# M is for Estimation

In earlier blogs I discussed two techniques for handling outliers in mortality forecasting models:

There is a triple benefit to these procedures:

1. The identification of outliers is objective, based on statistical tests.
2. Having identified the outliers, their effect can be co-estimated with the model parameters to reduce bias.
3. If the most recent years are affected by outlier effects, robust starting points for the forecast can be calculated by simply deducting the outlier effects.

In the case of Chen & Liu (1993), there is a fourth benefit: the nature of the outlier can be classified.

However, during a recent presentation I was asked about  the older technique of likelihood robustification.  This has been superseded for time-series work, but it might be of historical interest to some readers; enthusiasts can consult the likes of Martin, Samarov & Vandaele (1982) for robustified likelihoods for ARIMA models.

To illustrate likelihood robustification in general, consider the contribution of a single data point, $x$, to the likelihood for a N(0,1) random variable:

$L\propto \frac{1}{\sqrt{2\pi}}e^{-\frac{1}{2}x^2}\qquad(1)$

Multiplicative factors involving only constants don't affect inference, so the contribution to the log-likelihood is therefore:

$\ell = \log L = -\frac{1}{2}x^2\qquad(2)$

In the literature on likelihood robustification it is the convention to minimise the negative log-likelihood, so we work with:

$-\ell = \frac{1}{2}x^2\qquad(3)$

The function $-\ell$ is plotted as the solid line in Figure 1.  In this form it is referred to as a loss function.  The contribution to the log-likelihood increases quadratically with $x$.  We know that 95% of N(0,1) variates lie in (-1.96, 1.96), so an outlier value of 5 (say) will have a large and distorting influence on inference using the standard quadratic loss function.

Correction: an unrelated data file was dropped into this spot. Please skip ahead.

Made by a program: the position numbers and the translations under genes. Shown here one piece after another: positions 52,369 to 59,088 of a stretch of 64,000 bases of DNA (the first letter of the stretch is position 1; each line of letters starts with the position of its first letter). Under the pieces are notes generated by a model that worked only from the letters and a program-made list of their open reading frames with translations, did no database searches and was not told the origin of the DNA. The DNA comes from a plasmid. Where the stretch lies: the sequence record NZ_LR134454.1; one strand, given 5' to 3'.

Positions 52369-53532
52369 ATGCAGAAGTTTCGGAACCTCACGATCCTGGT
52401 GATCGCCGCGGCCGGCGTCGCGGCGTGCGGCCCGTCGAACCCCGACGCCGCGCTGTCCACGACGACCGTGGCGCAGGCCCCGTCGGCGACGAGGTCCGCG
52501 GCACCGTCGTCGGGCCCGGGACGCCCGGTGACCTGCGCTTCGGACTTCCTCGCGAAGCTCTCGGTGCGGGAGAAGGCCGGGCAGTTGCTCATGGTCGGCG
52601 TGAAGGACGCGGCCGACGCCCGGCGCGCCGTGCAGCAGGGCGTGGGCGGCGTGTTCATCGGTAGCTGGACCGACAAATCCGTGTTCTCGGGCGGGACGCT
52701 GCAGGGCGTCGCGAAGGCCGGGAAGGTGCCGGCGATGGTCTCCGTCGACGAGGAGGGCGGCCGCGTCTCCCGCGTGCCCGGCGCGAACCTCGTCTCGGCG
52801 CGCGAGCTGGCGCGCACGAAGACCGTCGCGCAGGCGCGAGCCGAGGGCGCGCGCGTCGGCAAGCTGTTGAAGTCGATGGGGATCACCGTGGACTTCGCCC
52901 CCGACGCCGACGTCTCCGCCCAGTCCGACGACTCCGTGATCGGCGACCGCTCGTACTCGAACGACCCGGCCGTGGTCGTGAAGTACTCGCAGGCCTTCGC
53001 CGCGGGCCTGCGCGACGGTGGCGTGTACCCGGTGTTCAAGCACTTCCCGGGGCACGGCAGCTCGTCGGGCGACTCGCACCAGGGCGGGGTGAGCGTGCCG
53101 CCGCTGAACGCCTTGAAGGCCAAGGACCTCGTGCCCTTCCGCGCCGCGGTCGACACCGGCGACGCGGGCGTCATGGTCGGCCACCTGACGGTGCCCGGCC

Figure 1. Quadratic loss function, $-\ell$, and pseudo-Huber loss function, $-\ell^*$.

Huber (1964) introduced the idea of a loss function that behaved like equation (3) for non-outliers, but which restricted the contribution made by more extreme observations.  The term used for inference here is M-estimation, of which the maximum-likelihood estimate is a special case.  Specifically, to counter the distorting influence of outliers we replace the quadratic loss function in equation (3) with a function without an exponentially increasing influence.  There are many examples in the literature, but one is:

$-\ell^* = \delta\left(\sqrt{1+(x/\delta)^2}-1\right)\qquad(4)$

which is also plotted in Figure 1 for $\delta=1$.  The robustified function $-\ell^*$ behaves much like $-\ell$ in the region (-1, 1), but outliers outside (-2, 2) clearly have much less influence under $-\ell^*$ than under $-\ell$.  Thus, a robustified alternative to the log-likelihood can be constructed with an appropriate choice of loss function and any accompanying parameter (like $\delta$ in equation (4)).  Such methodologies still have their place in statistics, but the methodologies of Chen & Liu (1993) and Galeano, Peña and Tsay (2006) are preferred for time-series work for the reasons stated at the start.

References:

Chen, C. and Liu, L-M. (1993) Joint Estimation of Model Parameters and Outlier Effects in Time Series, Journal of the American Statistical Association, March 1993, Vol. 88, No. 421, pages 284–297.

Galeano, P., Peña, D. and Tsay, R. S. (2006) Outlier Detection in Multivariate Time Series by Projection Pursuit, Journal of the American Statistical Association, June 2006, Vol. 101, No. 474, pages 654–669.

Huber, P. (1964) Robust Estimation of a Location Parameter, The Annals of Mathematical Statistics, Vol. 35, No 1, March 1964, pages 73-101.

Martin, R. D., Samarov, A. and Vandaele, W. (1982) Robust methods for ARIMA models, Department of Statistics, University of Washington, Seattle, March 1982, Technical Report No. 21.

Written by: Stephen Richards
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